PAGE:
The Meteor theatre was located on the west side of The Square, it operated from 1937-1964. This photograph shows the exterior of the building in the late 1950s. Gregory Peck starred in Moby Dick in 1956. Seating capacity was for 940 - 990 people, obtaining its films through J.C. Williamson company known as Palmerston North Amusements Limited. Upon closure it was converted into shops. The theatre was built by Maurice Millar of Millar and Giorgi, local menswear businessmen, with a value of 8500 pounds. In 1947 Robert Kerridge took over the Regent, Vogue, Mayfair and the Meteor establishing the Kerridge-Oden empire. The arrival of Television in 1960 led to a slump in theatre patronage, resulting in the closure of the Meteor and the Vogue. Ian Matheson for Evening Standard August 1990. See: Ian Matheson City Archives Research file A 175/ 148.
This slide shows a lecture theatre. Possibly at Massey University. This slide is from a series that was possibly taken for publicity purposes. Based on other images in the set, this image appears to have been taken in the mid-1990s.
This image shows a group of women in costume, possibly for a Palmerston North Girls' High School theatrical production. Jean Torstonson (nee McPherson) can be seen second from right in the second row from the front (kneeling).
Glevum House is located on Howe Street in Foxton. The property was built for G. Brewer (a flax miller) circa 1907.
Te Peeti Te Awe Awe (c1820-1884), a chief of the Rangitāne tribe, was involved with negotiations and the sale of Māori Land for the opening up of the Manawatū for pākehā settlement. A marble statue of Te Peeti was installed in The Square, Palmerston North, in 1907. Beyond can be seen the spire of All Saints Church and the Grand Hotel, on the corner of The Square and Church Street
This image was taken for a story that ran in The Manawatu Evening Standard on 04 July 1958, page 9: "These girls in ballet-like poses are contestants in the basketball match between Freyberg High School and Rangitikei College. One of them, however, appears to be giving an excellent example of action in a Māori haka. Freyberg won by 28 goals to 18. "
This image was taken for a story that ran in The Manawatu Evening Standard on March 04 1958, page 6: "The Minister of Forests and Associate-Minister of Māori Affairs (Mr. Tirikatene) is seen being welcomed by the Conservator of Forests (Mr. R.J. Wells) in Palmerston North as he stepped from his car this morning. Mr. Tirikatene is on a visit to the Wellington conservancies."
This image was taken for a story that ran in The Manawatu Evening Standard on 17 April 1958, page 14: "A Kia Ora player makes a determined bid for the line against Takaro in a 10-a-side Rugby League tournament on Saturday last. The all-Maori team had no trouble in beating Takaro 21-3 and carrying off the tournament trophy."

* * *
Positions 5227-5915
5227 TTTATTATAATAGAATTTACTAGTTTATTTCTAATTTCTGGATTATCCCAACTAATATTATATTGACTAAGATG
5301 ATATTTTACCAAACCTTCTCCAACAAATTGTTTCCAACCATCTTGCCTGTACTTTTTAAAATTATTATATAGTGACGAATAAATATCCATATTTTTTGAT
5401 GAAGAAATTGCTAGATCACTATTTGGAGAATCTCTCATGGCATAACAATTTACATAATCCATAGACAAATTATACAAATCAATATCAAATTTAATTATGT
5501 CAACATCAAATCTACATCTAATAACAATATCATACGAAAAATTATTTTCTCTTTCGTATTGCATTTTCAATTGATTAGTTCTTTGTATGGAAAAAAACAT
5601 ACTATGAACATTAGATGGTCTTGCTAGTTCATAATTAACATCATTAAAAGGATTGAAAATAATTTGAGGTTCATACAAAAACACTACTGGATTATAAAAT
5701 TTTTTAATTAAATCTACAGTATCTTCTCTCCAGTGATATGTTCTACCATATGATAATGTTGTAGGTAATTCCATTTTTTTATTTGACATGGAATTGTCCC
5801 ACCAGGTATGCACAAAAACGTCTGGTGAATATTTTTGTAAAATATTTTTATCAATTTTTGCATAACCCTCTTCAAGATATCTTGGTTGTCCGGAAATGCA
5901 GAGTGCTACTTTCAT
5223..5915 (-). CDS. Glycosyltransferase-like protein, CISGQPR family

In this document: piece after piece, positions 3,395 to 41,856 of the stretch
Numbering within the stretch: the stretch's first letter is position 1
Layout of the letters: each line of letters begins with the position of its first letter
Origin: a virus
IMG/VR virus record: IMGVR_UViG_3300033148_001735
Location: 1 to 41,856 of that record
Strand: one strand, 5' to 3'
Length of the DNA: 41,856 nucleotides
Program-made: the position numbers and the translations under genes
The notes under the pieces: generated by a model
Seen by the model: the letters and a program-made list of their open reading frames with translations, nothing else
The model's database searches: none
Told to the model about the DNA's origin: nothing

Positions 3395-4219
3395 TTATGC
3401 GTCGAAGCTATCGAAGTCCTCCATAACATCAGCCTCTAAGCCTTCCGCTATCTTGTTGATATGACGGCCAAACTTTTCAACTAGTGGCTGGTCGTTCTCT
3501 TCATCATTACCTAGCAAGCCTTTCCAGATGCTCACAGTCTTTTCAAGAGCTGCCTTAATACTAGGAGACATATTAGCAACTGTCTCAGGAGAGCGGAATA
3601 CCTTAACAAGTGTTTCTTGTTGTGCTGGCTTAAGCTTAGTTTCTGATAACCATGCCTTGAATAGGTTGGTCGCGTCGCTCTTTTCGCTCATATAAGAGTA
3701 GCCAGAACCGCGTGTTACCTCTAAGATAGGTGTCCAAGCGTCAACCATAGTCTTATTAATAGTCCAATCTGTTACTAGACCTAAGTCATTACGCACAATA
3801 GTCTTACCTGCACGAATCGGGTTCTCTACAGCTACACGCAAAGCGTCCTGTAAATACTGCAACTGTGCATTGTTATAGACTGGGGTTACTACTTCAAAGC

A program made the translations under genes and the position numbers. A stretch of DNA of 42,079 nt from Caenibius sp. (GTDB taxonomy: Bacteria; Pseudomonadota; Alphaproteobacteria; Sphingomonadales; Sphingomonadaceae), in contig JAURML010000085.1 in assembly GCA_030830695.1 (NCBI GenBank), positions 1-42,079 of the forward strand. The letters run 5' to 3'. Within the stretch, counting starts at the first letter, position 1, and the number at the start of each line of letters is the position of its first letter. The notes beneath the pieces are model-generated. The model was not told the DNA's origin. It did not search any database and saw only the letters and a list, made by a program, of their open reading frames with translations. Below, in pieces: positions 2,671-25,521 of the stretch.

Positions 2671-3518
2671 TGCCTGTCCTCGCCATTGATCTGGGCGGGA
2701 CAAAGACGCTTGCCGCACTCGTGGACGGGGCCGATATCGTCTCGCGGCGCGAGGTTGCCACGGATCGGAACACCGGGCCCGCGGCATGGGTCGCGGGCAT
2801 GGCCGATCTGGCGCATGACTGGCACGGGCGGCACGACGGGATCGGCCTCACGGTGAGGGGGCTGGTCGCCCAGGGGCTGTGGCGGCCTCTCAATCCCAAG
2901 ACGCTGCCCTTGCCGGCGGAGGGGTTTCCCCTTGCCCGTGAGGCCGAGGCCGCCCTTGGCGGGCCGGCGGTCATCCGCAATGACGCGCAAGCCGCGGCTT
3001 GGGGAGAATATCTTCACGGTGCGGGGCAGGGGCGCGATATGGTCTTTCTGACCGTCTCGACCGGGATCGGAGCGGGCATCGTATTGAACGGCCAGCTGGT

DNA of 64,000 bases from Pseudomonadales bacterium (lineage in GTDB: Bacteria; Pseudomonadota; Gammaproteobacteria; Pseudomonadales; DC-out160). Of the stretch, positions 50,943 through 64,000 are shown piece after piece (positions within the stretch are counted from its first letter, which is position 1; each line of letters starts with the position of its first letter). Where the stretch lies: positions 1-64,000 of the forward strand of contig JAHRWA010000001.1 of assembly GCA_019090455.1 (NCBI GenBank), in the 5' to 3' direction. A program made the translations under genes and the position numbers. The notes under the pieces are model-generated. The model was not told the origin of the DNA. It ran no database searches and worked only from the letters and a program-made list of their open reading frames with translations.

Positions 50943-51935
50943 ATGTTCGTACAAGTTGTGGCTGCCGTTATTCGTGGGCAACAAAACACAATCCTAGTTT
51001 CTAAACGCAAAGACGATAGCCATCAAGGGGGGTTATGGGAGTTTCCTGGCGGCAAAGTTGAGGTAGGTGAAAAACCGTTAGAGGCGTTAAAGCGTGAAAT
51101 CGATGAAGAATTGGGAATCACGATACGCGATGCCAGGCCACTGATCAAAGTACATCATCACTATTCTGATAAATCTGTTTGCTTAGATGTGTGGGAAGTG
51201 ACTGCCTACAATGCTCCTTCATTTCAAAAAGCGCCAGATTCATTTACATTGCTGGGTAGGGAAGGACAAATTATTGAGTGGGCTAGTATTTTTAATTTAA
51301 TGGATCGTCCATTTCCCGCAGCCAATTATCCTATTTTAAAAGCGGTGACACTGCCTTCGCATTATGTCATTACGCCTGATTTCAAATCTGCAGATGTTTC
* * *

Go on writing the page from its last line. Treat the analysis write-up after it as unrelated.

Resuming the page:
Karere Lagoon is one of the many ox-bow lakes along the banks of the Manawatū River. The original photograph is captioned “Mr Monrad’s. A lagoon at Karere with maori canoe”. The children are probably those of Olga and Viggo Monrad, who farmed beside the lagoon. Karere is situated at Tiakitahuna, between the Manawatū river and State Highway 56.
Te Peeti Te Awe Awe (c1820-1884), a chief of the Rangitāne tribe, was involved with negotiations and the sale of Māori Land for the opening up of the Manawatu for pakeha settlement. A marble statue of Te Peeti was installed in The Square, Palmerston North, in 1907. Beyond can be seen the Grand Hotel on the corner of The Square and Church Street
A float made to look like a waka makes its way through The Square. People in traditional Māori dress ride on the float. 92 floats took part in the Palmerston North City Centennial celebrations of 1971. Approx. 10,000 people were present at the event to celebrate 100 years of Palmerston North.
Te Peeti Awe Awe was the leading Māori figure of the Manawatū in the years when Palmerston North was established. The statue comissioned by his sister was unveiled on 26 January 1907.
This area was known as Fitzherbert East, but is now officially known as Aokautere after the former Māori Chief of the district. In 1967 Aokautere was included within the boundary of Palmerston North.
Miss Armstrong (left front); Mrs Donaldson (at right, standing). The lady seated on the right had a nursing home in Cuba street, on the site of the Māori Battalion Hall.
Te Awe Awe Street, Hokowhitu, Palmerston North was named for Peeti Te Awe Awe, a noted Rangitāne Maori Chief of the area.
Hare Rakena Te Awe Awe (Harry Larkins), Chief of the Rangitāne, was the brother of Te Peeti Te Awe Awe, who is remembered today with a statue in the Square Gardens, Palmerston North. In 1895, Hare Rakena Te Awe Awe petitioned the Government to be allowed to sell land to buyers other than the Crown.